SAFe comes with its own variant of Scrum, ScrumXP, that might be better suited for you. No need to think, follow the SAFe bible by the letter and everything will be great. At least that’s what they promise.
Scrum requires you to add your own personal touch and enrich it with the process you need to deliver value. If you are not capable of doing that, then please don’t use Scrum. It will never work for you.
Do all scaling frameworks offer a lazy and destructive auto-pilot guiding you towards scaling failure?
Now, I can’t claim to have experience with all scaling frameworks, to support the position that all scaling frameworks are lazy and destructive, like a fad diet. There are examples of scaling frameworks that try to do it right. LeSS (Large Scale Scrum), as the acronym already implies, is light-weight and acknowledges there never will be a one size fits all solution.
Here’s one of the principles of LeSS that illustrates this:
More with less — (1) In empirical process control: more learning with less defined processes. (2) In lean thinking: more value with less waste and overhead. (3) In scaling, more ownership, purpose, and joy with less roles, artifacts, and special groups.
You can pick the right approach by being aware of the different problems that may arise when implementing a scaling framework. If you decide to use a scaling framework, choose a light-weight approach, like LeSS, before deciding to use any heavy-weight approach like SAFe.
Introduce aspects of this light-weight approach gradually, and evaluate if it really makes the difference you’re expecting. Otherwise, improve or drop it. LeSS was created in the same spirit — to remove as much unnecessary complexity as possible.
Look at different scaling frameworks and cherry-pick those parts that may solve the problems you are experiencing. Every scaling framework has its merits and weaknesses. Like losing weight, what works for one person, may not work for you. There even is a person who lost 111 kg by following a Subway diet. However, you can learn from others' experiences by making them your own and adapting them to your unique situation and problems.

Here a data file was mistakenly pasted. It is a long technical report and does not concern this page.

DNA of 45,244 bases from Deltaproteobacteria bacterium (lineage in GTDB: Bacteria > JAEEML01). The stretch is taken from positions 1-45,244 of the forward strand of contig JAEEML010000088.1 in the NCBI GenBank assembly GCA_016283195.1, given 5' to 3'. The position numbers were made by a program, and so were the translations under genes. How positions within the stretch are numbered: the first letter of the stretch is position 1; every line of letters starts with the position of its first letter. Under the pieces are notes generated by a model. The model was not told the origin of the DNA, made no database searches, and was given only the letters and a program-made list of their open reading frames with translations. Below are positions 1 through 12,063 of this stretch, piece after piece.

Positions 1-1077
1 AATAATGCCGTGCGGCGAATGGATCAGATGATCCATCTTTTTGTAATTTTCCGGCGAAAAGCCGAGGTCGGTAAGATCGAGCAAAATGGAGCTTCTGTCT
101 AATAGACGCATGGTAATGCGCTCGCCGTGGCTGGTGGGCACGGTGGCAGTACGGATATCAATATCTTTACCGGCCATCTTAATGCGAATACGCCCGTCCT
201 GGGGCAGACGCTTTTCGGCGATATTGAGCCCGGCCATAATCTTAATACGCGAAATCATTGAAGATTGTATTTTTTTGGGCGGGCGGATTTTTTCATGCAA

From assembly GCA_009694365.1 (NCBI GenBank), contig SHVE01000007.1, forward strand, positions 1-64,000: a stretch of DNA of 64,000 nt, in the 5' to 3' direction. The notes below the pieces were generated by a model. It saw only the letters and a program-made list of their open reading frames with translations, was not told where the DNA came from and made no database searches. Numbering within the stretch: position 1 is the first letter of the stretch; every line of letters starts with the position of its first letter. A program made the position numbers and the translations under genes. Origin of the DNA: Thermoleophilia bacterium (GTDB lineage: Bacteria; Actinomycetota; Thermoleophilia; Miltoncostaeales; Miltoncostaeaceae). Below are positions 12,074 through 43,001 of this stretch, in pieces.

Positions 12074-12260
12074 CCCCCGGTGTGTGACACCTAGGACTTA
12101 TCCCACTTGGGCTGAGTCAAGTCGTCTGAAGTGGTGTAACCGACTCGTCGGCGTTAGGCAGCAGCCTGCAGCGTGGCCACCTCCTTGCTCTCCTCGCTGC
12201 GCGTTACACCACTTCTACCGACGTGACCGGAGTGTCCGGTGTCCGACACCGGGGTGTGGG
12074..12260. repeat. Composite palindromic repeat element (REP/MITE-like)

It’s not easy to do, but the rewards you can expect are far greater than if you’d copy-paste a boilerplate solution. Tailor the value delivery process to your unique context and needs to deliver the most value. All complexity you add must pull its weight. If you add too much at once, you will never be able to figure out the exact contributions of each change.
To give a concrete example of this minimalist approach in action, I’ve introduced Feature Teams multiple times without implementing LeSS. I did benefit from the advice from the LeSS framework on how to best introduce Feature Teams. After implementing Feature Teams, many of the problems we had disappeared, and there was no necessity to introduce other aspects of LeSS.
In the wise words of statistician and economist Ernst F. Schumacher:
“Any intelligent fool can make things bigger, more complex, and more violent. It takes a touch of genius — and a lot of courage to move in the opposite direction.” — Ernst F. Schumacher
Most scaling frameworks are like the fidget spinner at the beginning of this article: they look nice and shiny. When you see someone play around with a fidget spinner, you can’t wait to get your hands on one. But when you finally buy one and spin them between your fingers for the first time, buyer remorse kicks in. You can’t help but wonder: “How did I get suckered into buying this exactly again?”.